‘Dog Day Afternoon’ at cathedral aims to create community, says priest

LOS ANGELES – Most of the 517 pooches and their 950 doting, loyal custodians – don’t dare call them “owners” – who registered for the fourth Downtown Dog Day Afternoon on the plaza at the Cathedral of Our Lady of the Angels showed up for the annual event in Los Angeles.

In the early evening July 27, they sallied forth and sniffed their way around the 2.5 -acre sandstone plaza while mellow jazz and soothing classical music played nonstop in the background.

There were Afghan hounds with flowing silky coats and short-legged basset hounds, their ears brushing the ground. Snoopy-looking beagles mixed it up with black Russian terriers. Chihuahuas, cocker spaniels and border collies checked out dachshunds, Dalmatians and Doberman pinschers.

Pit bulls and Rottweilers were surprisingly on their best behavior, while Great Danes hovered over pampered Pekingese. English and Irish setters simply stopped in their tracks to be petted. And wrinkled Shar-Peis didn’t seem as worn and worried.

“The purpose of this is to create community,” explained Monsignor Kevin Kostelnik, pastor of the cathedral, and co-sponsor of the outdoor event along with his 8-year-old black Lab, Joaquin. “It’s to allow residents, the humans, to get to meet one another because the animals are one part of God’s creation that brings everybody together.

“One of the reasons we did this was cathedrals of old have always been places of hospitality, of welcome, of concerts, of dance, of music, of drama, of mimes,” he told The Tidings, newspaper of the Los Angeles Archdiocese.

“And I thought, you know, we’ve got a beautiful space here in downtown, and there’s a great necessity for dog parks downtown. So this was a great space I thought we could gather downtown residents and their pets,” he said.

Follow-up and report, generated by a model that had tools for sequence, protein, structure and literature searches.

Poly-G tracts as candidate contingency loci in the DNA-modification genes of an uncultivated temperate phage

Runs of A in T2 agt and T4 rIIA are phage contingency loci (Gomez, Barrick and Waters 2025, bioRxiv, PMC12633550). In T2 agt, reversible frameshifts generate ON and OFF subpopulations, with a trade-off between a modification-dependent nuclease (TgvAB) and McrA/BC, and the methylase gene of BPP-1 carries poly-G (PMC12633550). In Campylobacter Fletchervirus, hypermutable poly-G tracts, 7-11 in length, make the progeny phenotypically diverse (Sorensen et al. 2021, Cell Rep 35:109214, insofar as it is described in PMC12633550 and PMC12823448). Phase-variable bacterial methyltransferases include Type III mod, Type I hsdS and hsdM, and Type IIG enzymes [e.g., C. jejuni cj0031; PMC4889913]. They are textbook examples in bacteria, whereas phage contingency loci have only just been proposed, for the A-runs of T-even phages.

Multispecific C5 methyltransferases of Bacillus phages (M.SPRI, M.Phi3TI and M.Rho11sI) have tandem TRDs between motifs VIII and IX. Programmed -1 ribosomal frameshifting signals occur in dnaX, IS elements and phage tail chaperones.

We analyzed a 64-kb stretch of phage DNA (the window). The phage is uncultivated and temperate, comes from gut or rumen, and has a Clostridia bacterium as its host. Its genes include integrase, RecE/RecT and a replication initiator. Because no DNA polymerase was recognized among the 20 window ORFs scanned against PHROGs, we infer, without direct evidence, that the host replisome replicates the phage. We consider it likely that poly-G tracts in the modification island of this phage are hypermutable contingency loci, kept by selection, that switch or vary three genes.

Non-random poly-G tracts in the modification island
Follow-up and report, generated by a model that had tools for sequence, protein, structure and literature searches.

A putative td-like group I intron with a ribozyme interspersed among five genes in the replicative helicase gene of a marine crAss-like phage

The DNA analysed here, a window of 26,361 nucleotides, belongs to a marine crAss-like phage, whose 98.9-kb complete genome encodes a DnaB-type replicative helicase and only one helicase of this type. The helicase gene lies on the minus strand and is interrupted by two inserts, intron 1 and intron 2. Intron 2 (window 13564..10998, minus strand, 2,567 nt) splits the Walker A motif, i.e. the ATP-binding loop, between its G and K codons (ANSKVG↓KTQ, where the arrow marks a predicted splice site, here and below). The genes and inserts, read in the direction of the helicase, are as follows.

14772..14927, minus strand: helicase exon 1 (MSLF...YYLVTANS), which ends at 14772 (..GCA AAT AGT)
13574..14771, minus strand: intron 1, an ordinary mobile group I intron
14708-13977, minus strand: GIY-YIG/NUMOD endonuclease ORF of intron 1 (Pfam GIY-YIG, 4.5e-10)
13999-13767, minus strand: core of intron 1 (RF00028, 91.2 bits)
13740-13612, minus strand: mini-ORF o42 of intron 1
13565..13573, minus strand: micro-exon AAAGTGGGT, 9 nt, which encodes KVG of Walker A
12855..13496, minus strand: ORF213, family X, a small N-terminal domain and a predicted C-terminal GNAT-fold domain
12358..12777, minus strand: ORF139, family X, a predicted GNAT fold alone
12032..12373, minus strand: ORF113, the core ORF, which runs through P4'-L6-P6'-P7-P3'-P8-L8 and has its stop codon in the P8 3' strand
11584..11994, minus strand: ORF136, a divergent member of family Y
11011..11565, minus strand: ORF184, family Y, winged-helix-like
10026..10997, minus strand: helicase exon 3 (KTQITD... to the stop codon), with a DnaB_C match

Chloe, a 7-year-old cocker spaniel and Dotson mix, had her nose to the ground, taking in a plethora of aromas. Her 29-year-old handler, Khristie Garcia, was smiling, following closely holding the leash.

“She was so excited, she woke up early this morning,” reported Garcia, who works in downtown LA for the nonprofit Central Mental Health. “Now she’s going crazy over all the smells, and we’ve got a lot of free samples from the doggie booths. So we love this.”

Not far away, Mr. Tofu, a tiny 4 1/2-month-old Chihuahua mix, was bravely going nose to nose with a pit bull five-times his size named Pancake. The situation looked definitely dicey, until Pancake backed off.

Claudia Luevanos, a 23-year-old vegetarian who works at Bark Avenue, a doggie day care and boarding center, told how Mr. Tofu’s poor pregnant mother was rescued from a “high kill” shelter.

“I think this is a great thing,” she said. “There’s not a lot of space for dogs here in downtown, so for the community and businesses to come together like this is such a wonderful thing. It’s so amazing that this strikes so many people. It’s really great that downtown has this for our fellow animals. You and your dog might meet someone special.”

The tail-waggers seemed to thoroughly enjoy the urban mid-summer get-together. There were none of the snarling territorial fights one often encounters at dog parks and, amazingly, very little barking.

Hal Bastian, senior vice president and director of economic development of the Downtown Center Business Improvement District, which co-sponsored the pooch party, called it “a joyous thing.”

“This is all about creating community,” said Bastian, who was with Scooter, a young Nova Scotia duck-tolling retriever mix, at his side. “Because downtown isn’t a place. It’s 15 different neighborhoods. And even those of us who live in a building, we never see each other ‘cause we’re working and out and about.”

“We’ve had a lot of dogs the three previous years,” he added, “but this is the most we’ve ever had. It shows how downtown is growing and is a viable series of neighborhoods.”

Monsignor Kostelnik thanked Los Angeles Cardinal Roger M. Mahony, who has two cats, for having the vision to create the special urban space that the Cathedral of Our Lady of the Angels has quickly become.

“We don’t do a lot here in terms of talking about the faith of our dogs, but our dogs really are our best friends,” the priest said. “One of the great things about the word dog – ‘DOG’ – just spell it backwards and it tells you what we’re all about, and who blesses us.”

Catholic Review

Catholic Review

The Catholic Review is the official publication of the Archdiocese of Baltimore.